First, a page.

As a false teaching, the Ephesian heresy of the mid-first century taught false doctrine. This false doctrine was devoted “to myths and endless genealogies” (1 Tim. 1:4). The false teaching was essentially a “vain discussion” about the law, which the false teachers had no understanding about “either what they are saying or the things about which they make confident assertions” (1 Tim. 1:6, 7; cf. Titus 3:9). Since the Ephesian heresy concerned the Jewish law, it seems that the myths and genealogies were also Jewish constructs. Paul similarly warned Titus in Crete of “the circumcision party” (Titus 1:10) whose members “devot[ed] themselves to Jewish myths and the commands of people who turn away from the truth” (Titus 1:14). Although Paul had excommunicated Hymenaeus before he wrote 1 Timothy, in 2 Timothy, we read that Hymenaeus continued to teach false doctrine in Ephesus: he taught that “the resurrection has already happened” (2 Tim. 2:18). The false teachers led “foolish, ignorant controversies” that Timothy was to “have nothing to do with” because “they breed quarrels” (2 Tim. 2:23; cf. 1 Tim. 6:3-5). The false doctrine that the false teachers taught in Ephesus seems to be an odd admixture of Jewish legalism and antinomianism. They insisted upon following the Jewish law of circumcision, but they participated in and encouraged greed, ecclesiastical disunity, and sexual immorality because they denied a future bodily resurrection. Mounce rightly characterizes this false teaching as not being “a well-thought-out, cohesive system of belief” (William D. Mounce, The Pastoral Epistles, Word Biblical Commentary 46 [2000], lxix).

In responding to the false teaching, then, Paul emphasizes how the false teachers’ false gospel results in false living.

Paul must deal with the Ephesian opponents differently from those in Galatia who had a formulated teaching that could be described and evaluated. Paul cannot logically and theologically argue against empty chatter and quarrels about words. He must focus on the opponents’ behavior, which reveals the error of their teaching. (Mounce, Pastoral Epistles, lxxv)

In 1-2 Timothy, Paul warns Timothy that the Ephesian heterodoxy was so dangerous because of its heteropraxy. Consider Hymenaeus as a case study. In 2 Timothy 2:16-18, Paul warns Timothy:

But avoid irreverent babble, for it will lead people into more and more ungodliness, and their talk will spread like gangrene. Among them are Hymenaeus and Philetus, who have swerved from the truth, saying that the resurrection has already happened. They are upsetting the faith of some.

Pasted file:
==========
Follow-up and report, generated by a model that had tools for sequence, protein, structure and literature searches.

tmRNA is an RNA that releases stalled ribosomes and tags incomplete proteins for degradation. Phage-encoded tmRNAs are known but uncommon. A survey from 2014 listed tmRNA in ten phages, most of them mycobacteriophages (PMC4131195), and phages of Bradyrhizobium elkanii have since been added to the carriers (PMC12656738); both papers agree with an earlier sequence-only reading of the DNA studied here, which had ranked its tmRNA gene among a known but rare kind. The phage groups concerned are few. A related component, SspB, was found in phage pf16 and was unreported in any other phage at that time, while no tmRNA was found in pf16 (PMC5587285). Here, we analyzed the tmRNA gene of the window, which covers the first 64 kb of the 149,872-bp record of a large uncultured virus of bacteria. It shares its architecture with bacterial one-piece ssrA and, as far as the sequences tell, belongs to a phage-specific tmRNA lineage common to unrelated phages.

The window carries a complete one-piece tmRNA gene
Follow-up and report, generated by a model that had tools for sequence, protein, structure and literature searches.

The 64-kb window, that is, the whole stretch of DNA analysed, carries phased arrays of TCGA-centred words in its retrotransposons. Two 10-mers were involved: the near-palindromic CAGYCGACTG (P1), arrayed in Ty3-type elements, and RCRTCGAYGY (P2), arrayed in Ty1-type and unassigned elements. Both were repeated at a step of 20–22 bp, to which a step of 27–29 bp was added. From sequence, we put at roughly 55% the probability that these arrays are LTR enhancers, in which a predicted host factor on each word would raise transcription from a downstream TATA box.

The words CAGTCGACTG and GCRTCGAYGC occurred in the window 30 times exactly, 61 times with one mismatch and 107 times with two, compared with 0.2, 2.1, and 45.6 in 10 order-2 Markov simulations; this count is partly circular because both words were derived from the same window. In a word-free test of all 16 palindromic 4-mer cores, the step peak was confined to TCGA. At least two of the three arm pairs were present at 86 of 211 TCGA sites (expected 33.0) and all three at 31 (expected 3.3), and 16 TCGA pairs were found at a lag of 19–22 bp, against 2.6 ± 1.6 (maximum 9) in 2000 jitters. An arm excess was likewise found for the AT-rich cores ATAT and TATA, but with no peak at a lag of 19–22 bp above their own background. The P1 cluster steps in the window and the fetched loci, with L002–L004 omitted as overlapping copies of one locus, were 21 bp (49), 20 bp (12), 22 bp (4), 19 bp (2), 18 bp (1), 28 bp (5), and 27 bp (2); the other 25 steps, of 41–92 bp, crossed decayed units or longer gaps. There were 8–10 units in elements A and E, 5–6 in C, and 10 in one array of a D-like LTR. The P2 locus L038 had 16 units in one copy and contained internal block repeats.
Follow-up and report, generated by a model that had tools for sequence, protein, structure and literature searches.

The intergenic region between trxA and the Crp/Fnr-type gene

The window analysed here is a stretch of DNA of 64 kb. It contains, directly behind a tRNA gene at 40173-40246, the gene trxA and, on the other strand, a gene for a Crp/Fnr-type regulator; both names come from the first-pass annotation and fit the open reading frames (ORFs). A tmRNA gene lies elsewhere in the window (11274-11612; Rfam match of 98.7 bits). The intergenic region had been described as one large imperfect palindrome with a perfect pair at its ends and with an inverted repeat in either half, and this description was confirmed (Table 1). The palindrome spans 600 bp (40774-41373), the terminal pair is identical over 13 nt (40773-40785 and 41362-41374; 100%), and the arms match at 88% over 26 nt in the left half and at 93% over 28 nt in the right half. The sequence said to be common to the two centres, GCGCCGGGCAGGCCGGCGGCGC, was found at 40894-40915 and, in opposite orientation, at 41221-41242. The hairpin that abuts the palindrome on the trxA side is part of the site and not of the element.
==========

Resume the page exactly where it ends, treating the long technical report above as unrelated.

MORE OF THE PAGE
Why should Timothy “avoid irreverent babble”? Why should he not join the false teachers in “saying that the resurrection has already happened”? Because such talk “lead[s] people into more and more ungodliness.” It upsets their faith. False teaching is dangerous because it leads people into false lifestyles that ultimately lead people astray into hell. Paul made this point specifically regarding greed:

But those who desire to be rich fall into temptation, into a snare, into many senseless and harmful desires that plunge people into ruin and destruction. For the love of money is a root of all kinds of evils. It is through this craving that some have wandered away from the faith and pierced themselves with many pangs. (1 Tim. 6:9-10)

As I have argued previously, “destruction” refers to eternal punishment. Wandering away from the faith, by extension, likewise results in eternal punishment because it shows that the apostate was never truly saved (cf. Mark 4:14-20; 1 John 2:18-19). False teaching is dangerous because it results in behavior that contradicts sound doctrine (Titus 1:9; cf. Titus 1:10-16). Behavior that contradicts the gospel is dangerous because it results in condemnation because it shows that such a person was never truly saved (2 Cor. 5:17; Heb. 10:39).

Within a decade of Paul warning the Ephesian elders of the coming false teaching, it had arrived and was rampant in Ephesus. In 1-2 Timothy, Paul tells Timothy, whom he had “urged” to “remain at Ephesus” (1 Tim. 1:3), to combat this false teaching both doctrinally and practically. The over-realized eschatology of the Ephesian false teachers excused them to indulge abuse of their power in the church by greed and sexual immorality. However, they insisted upon their followers getting circumcised. Timothy was to combat these doctrinal and behavioral errors in Ephesus so that the church would return to “the sound words of our Lord Jesus Christ and the teaching that accords with godliness” (1 Tim. 6:3).

The Residual Dangers of False Teaching

Timothy apparently enjoyed success in Ephesus to an extent. By the end of the first century, the Ephesians had corrected many of their doctrinal and behavioral problems. In the letter that he dictates to the apostle John, Jesus writes to the church in Ephesus:

“‘I know your works, your toil and your patient endurance, and how you cannot bear with those who are evil, but have tested those who call themselves apostles and are not, and found them to be false. I know you are enduring patiently and bearing up for my name’s sake, and you have not grown weary. (Rev. 2:2-3)